This post was originally published on TheToolbox.org, a tech and social impact initiative co-founded by Peter Gabriel and powered by Humanise, Inc.
For four years, residents of war-ravaged Syria have had their homes and families torn apart. What's worse is more damage is yet to come. On December 3, four British Tornadoes fighter jets hit eastern Syrian oilfields, targeting the Islamic State (IS). Two weeks ago, France also began bombing Raqqa in retaliation of ISIS terror attacks that killed at least 129 people in Paris. Meanwhile, hundreds of thousands of Syrian refugees are pouring over European borders seeking safety and shelter, as opposition escalates around accepting immigrants into Europe and the U.S.
A Conference Evolves Into a Movement
As political leaders, journalists and pundits debate about how to best handle the refugee crisis, tech communities across the globe are convening with NGOs and refugee agencies to determine how technology can be used to address the dilemma. This all started with Techfugees, a nonprofit European initiative harnessing the tech savvy and collaborative spirt of technology leaders in London and abroad.
Founded by TechCrunch Editor-At-Large, Mike Butcher, Techfugees launched in October of this year as a two-day conference and hackathon, and has since turned into a movement. During the first Techfugees event, which rallied some of the biggest tech heavyweights in the UK, the community crowdsourced £5,000 for those in the Calais refugee camp, to fun their access to WiFi, and through WiFi, to the world's stage on which their motives and future are being debated.
Since then, tech communities across the globe have taken the idea of and run with it. On November 28th, the first "Techfugees Australia" took place in Sydney. There have also been Techfugee gatherings in Oslo and Poland. Butcher says he and his team are building up to a Techfugees launch in New York soon.
The second Techfugees conference in the UK took place on December 2nd, reconvening the technologists, entrepreneurs, and startups that attended the initial London gathering, as well as volunteers from local European chapters (Oslo, Paris, Berlin, and more), alongside agencies and NGOs that have been working on the ground with refugees for the past decade. Speakers at the event included refugees who have made it to the UK from Syria and Afghanistan, as well as representatives from UNHCR, UNICEF, the National Refugee Welcome Board, British Red Cross, DFID, and other humanitarian experts with experience in the field.
"Initially, we were coming from the technology, startup engineer, and developer community, waving our hands frantically in front of refugee organizations and NGOs and saying, 'Listen, 'we've got a whole bunch of people who are willing to donate their time and efforts to come up with some ideas around the crisis," says Butcher. "It was very much about finding our feet as an organization. But what we wanted to do today was firstly engage with all those organizations more deeply, and showcase some decent tech projects addressing the crisis with either applications, mobility, websites or hardware, and that's what we did."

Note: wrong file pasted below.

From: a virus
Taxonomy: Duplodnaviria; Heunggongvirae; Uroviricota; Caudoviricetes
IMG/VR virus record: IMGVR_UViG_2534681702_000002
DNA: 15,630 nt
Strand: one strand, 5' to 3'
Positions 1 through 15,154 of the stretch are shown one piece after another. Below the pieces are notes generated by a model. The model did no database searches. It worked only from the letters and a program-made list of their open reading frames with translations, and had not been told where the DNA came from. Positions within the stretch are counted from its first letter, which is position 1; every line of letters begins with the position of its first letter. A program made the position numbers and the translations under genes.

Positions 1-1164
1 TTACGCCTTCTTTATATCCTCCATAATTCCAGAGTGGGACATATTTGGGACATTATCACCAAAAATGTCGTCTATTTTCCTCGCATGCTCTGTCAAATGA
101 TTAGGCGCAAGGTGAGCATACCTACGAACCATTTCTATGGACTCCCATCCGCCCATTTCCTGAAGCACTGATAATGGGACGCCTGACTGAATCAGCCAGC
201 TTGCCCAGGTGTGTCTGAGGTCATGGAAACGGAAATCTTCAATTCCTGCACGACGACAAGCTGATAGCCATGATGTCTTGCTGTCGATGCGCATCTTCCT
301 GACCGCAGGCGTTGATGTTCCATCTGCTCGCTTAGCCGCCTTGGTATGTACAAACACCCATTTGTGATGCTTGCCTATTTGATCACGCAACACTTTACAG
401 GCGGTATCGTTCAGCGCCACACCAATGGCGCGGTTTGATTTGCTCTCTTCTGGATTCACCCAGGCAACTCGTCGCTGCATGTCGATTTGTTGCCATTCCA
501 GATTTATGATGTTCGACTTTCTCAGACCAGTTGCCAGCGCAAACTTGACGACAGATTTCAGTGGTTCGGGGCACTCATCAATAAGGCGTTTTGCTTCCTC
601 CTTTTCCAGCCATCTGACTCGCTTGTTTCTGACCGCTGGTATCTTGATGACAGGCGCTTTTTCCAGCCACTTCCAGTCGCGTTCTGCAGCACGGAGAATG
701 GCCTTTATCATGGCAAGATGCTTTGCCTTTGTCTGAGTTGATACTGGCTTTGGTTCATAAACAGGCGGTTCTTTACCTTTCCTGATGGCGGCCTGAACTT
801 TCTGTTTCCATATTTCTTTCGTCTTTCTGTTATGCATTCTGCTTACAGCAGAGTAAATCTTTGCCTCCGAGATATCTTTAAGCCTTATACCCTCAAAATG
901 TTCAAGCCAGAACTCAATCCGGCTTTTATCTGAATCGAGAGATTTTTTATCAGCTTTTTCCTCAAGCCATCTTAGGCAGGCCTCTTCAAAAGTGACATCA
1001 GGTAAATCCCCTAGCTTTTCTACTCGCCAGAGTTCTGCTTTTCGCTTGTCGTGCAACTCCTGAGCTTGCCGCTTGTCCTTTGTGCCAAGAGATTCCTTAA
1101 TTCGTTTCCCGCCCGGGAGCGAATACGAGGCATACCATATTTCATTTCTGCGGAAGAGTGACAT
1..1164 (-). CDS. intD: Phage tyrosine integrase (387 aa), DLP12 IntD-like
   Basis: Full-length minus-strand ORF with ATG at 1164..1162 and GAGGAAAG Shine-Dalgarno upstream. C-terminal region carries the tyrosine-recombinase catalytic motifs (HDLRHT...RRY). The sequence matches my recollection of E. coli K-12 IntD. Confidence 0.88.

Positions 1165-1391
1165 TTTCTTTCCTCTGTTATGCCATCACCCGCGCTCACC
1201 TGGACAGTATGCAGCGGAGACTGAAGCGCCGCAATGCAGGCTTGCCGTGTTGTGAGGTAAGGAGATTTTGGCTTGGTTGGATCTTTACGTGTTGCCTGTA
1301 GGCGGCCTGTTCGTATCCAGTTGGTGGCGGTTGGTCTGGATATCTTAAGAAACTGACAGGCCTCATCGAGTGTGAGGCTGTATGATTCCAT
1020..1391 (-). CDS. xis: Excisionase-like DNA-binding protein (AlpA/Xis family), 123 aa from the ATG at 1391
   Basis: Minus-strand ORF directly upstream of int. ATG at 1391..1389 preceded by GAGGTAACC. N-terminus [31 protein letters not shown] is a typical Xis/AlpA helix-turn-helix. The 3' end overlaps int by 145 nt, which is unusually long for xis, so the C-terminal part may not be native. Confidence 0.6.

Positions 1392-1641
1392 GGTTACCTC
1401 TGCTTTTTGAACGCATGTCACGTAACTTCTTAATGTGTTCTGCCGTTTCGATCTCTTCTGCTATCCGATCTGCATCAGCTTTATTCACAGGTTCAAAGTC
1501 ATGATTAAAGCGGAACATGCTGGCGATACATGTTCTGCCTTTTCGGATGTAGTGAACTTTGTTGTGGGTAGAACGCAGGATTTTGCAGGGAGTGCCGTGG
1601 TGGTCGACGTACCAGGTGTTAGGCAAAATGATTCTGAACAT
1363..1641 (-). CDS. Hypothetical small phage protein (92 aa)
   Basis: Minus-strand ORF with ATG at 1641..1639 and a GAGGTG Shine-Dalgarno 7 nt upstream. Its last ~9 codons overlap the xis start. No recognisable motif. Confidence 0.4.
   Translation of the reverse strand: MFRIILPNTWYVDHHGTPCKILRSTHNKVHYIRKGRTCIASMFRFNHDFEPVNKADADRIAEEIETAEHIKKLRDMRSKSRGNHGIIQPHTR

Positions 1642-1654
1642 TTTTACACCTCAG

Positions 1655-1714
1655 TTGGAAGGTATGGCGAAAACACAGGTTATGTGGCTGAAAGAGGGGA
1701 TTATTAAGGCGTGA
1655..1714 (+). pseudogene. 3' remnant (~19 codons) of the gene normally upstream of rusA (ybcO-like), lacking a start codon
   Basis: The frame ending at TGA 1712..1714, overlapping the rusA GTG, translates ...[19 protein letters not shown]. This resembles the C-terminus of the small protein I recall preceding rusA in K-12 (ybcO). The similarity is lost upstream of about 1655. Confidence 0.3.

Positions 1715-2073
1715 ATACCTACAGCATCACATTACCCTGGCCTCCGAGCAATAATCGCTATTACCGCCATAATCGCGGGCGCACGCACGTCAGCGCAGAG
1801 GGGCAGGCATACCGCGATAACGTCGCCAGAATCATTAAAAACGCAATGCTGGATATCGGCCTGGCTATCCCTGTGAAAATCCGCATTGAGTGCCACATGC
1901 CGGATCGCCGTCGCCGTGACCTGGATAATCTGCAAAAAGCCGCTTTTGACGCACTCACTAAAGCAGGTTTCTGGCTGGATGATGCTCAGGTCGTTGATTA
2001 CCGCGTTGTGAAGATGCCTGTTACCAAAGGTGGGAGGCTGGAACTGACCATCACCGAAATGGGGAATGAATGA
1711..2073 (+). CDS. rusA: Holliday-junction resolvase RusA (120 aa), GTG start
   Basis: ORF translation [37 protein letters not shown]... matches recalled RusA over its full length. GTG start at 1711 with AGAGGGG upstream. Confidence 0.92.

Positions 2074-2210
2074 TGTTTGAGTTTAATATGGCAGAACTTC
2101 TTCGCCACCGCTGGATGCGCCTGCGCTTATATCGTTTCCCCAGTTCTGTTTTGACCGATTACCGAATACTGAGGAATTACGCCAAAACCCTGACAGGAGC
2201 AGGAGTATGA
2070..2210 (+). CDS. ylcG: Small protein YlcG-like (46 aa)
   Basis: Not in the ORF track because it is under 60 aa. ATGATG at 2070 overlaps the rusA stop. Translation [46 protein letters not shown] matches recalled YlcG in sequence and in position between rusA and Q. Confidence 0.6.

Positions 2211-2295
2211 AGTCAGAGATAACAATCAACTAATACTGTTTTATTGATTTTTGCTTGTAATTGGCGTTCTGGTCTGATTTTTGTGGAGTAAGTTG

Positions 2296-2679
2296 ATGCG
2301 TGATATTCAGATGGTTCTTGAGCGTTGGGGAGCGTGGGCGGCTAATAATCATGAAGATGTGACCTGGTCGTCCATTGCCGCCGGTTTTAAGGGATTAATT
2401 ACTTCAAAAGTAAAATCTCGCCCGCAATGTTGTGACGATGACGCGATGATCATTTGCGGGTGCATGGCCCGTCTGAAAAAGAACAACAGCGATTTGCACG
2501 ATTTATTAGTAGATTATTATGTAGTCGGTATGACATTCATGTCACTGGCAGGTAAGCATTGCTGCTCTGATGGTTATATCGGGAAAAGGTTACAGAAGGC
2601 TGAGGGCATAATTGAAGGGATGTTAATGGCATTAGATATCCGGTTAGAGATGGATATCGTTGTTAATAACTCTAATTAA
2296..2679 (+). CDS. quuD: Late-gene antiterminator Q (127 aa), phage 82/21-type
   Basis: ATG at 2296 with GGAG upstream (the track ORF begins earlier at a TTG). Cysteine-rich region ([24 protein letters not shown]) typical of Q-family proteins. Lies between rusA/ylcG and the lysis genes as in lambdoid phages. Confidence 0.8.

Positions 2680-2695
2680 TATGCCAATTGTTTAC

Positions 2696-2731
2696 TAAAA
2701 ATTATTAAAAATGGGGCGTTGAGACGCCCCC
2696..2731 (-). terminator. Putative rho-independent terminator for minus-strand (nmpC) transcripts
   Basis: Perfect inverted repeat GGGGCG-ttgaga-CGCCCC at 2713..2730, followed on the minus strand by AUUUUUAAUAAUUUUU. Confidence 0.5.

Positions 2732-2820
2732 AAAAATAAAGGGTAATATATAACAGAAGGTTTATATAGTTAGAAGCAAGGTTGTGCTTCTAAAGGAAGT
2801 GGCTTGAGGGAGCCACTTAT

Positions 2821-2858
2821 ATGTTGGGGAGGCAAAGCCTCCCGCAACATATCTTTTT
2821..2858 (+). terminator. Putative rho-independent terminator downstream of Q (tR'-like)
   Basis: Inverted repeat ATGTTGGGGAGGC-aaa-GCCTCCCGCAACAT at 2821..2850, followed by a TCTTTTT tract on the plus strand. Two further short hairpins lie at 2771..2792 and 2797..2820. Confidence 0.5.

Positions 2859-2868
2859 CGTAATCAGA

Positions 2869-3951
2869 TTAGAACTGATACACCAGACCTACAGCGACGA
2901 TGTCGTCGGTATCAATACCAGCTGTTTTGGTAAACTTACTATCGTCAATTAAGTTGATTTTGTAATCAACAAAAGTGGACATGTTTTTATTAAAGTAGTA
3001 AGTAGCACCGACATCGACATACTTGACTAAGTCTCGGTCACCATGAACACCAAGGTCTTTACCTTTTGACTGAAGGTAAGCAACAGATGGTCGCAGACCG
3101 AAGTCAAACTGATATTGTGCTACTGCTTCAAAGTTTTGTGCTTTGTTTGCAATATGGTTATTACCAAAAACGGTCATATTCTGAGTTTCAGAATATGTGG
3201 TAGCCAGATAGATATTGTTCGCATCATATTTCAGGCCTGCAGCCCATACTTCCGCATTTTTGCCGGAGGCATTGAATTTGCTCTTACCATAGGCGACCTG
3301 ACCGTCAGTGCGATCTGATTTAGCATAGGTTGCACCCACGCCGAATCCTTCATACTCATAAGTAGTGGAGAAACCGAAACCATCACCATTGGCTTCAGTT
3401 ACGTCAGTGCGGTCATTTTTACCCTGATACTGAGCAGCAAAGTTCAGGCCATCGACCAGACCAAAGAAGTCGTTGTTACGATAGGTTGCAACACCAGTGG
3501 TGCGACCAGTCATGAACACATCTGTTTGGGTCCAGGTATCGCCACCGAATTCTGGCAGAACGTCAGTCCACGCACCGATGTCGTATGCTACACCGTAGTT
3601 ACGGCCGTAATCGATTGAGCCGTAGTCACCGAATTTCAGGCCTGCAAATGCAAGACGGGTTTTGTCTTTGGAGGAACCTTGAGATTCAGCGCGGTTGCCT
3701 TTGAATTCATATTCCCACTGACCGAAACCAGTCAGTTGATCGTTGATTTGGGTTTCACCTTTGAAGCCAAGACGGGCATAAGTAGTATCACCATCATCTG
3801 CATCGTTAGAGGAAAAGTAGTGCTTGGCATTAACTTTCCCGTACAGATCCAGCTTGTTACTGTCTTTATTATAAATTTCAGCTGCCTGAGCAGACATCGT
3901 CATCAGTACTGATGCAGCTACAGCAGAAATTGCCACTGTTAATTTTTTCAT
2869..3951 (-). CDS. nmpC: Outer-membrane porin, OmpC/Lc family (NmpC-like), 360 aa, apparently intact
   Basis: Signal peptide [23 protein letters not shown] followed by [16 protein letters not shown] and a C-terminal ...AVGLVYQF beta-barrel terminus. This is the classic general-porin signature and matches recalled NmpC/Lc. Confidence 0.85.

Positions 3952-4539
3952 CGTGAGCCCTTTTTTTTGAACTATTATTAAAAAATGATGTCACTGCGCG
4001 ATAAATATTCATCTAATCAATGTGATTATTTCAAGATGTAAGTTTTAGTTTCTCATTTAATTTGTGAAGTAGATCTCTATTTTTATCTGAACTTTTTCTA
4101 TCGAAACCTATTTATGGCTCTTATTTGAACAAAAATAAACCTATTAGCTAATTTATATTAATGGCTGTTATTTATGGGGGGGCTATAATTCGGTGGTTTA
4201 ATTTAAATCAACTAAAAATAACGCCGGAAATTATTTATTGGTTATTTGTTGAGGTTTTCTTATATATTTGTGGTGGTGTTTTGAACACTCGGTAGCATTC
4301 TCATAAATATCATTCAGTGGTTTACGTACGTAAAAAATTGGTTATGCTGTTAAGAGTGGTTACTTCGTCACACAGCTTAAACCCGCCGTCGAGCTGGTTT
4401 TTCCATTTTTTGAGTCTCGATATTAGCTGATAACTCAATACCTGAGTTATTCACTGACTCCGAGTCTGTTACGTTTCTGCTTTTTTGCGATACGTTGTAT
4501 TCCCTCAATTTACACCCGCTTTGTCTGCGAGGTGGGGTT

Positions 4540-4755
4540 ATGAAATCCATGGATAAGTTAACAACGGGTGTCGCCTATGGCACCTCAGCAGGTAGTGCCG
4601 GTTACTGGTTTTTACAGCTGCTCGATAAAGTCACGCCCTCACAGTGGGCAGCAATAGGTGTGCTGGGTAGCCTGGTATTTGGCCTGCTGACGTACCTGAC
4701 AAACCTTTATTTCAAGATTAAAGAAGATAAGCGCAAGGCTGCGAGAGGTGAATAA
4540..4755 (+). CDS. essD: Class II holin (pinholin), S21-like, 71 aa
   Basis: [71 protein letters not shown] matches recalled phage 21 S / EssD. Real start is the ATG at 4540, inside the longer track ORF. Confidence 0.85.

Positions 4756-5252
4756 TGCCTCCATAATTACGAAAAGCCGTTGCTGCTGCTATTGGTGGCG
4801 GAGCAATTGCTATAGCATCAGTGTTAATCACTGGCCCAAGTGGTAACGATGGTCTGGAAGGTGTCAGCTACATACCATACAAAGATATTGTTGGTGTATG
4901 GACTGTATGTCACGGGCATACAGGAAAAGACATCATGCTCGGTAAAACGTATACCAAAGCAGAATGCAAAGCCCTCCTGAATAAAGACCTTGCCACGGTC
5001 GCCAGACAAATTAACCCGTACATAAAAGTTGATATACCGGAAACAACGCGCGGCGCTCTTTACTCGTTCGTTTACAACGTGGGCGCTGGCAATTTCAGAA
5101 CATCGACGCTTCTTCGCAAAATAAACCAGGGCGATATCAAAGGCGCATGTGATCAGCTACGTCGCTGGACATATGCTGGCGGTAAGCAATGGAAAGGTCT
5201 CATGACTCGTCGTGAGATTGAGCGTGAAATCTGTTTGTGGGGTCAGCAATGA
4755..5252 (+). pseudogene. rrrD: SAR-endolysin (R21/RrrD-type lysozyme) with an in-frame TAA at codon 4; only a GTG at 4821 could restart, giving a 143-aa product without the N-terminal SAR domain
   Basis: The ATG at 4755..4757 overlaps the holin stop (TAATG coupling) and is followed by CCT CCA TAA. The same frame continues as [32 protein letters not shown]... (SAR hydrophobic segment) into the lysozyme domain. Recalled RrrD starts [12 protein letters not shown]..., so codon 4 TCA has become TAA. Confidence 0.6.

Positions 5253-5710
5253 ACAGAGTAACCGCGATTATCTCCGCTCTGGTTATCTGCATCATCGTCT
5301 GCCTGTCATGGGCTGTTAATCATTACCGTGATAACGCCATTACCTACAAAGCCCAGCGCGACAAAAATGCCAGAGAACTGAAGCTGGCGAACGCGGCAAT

Putting The Humanity Into Technology
Mobile and location are proving to be drivers of innovation where the crisis is concerned. During the event, the creators of the Refugee Aid app presented a useful concept around targeting location, where users can broadcast messages. The technology is available today, and could be implemented by refugee agencies tomorrow if the funding came into place.
Mapping projects are frequently being brought into the refugees conversation as well. Butcher says whether or not they prove useful remains to be seen.
One of the most ubiquitous challenges to tackle in this crisis revolves around all the data that needs to be mined: including data from people-trafficking and smuggling networks, to name a few pain points.
"At the other end of the telescope is what happens when they [refugees] get into the country," says Butcher. "How do they get jobs? Skills? Education? How do the kids get to know each other?"
Techfugees For Refugees Moving Forward
A targeted goal of Techfugees is to develop solutions for helping refugees integrate into society. Additionally, the community is discussing ways human rights abuses at refugee camps can be documented.
Now that Techfugees is finding its footing, the group is planning to continually spotlight the perspectives and ideas from the tech community, NGOS and refugees themselves. In the near future, there will be a publishing element to the initiative. Active participants currently post projects, needs and services on Hackpad, Slack, and Facebook.
"Techfugees is most useful to people is in this convening role, where we can say, 'These ideas over here are working. These guys needs this, etcetera," Butcher shares.
The next Techfugees conference will be held in the spring of 2016, with a digital storytelling focus.
"We're going to look at how digital media can be used to help tell the story of the refugees and get the public to empathize with the refugee experience," says Butcher. "Techfugees sends a positive message. We're not saying, 'These people are coming and taking our jobs'. We're saying these people are coming and going to be integrated into society and contributing to society. Perhaps, they'll become entrepreneurs. Perhaps they'll make jobs, and in fact, that's been the refugee experience worldwide throughout history. So we've built a great story about that."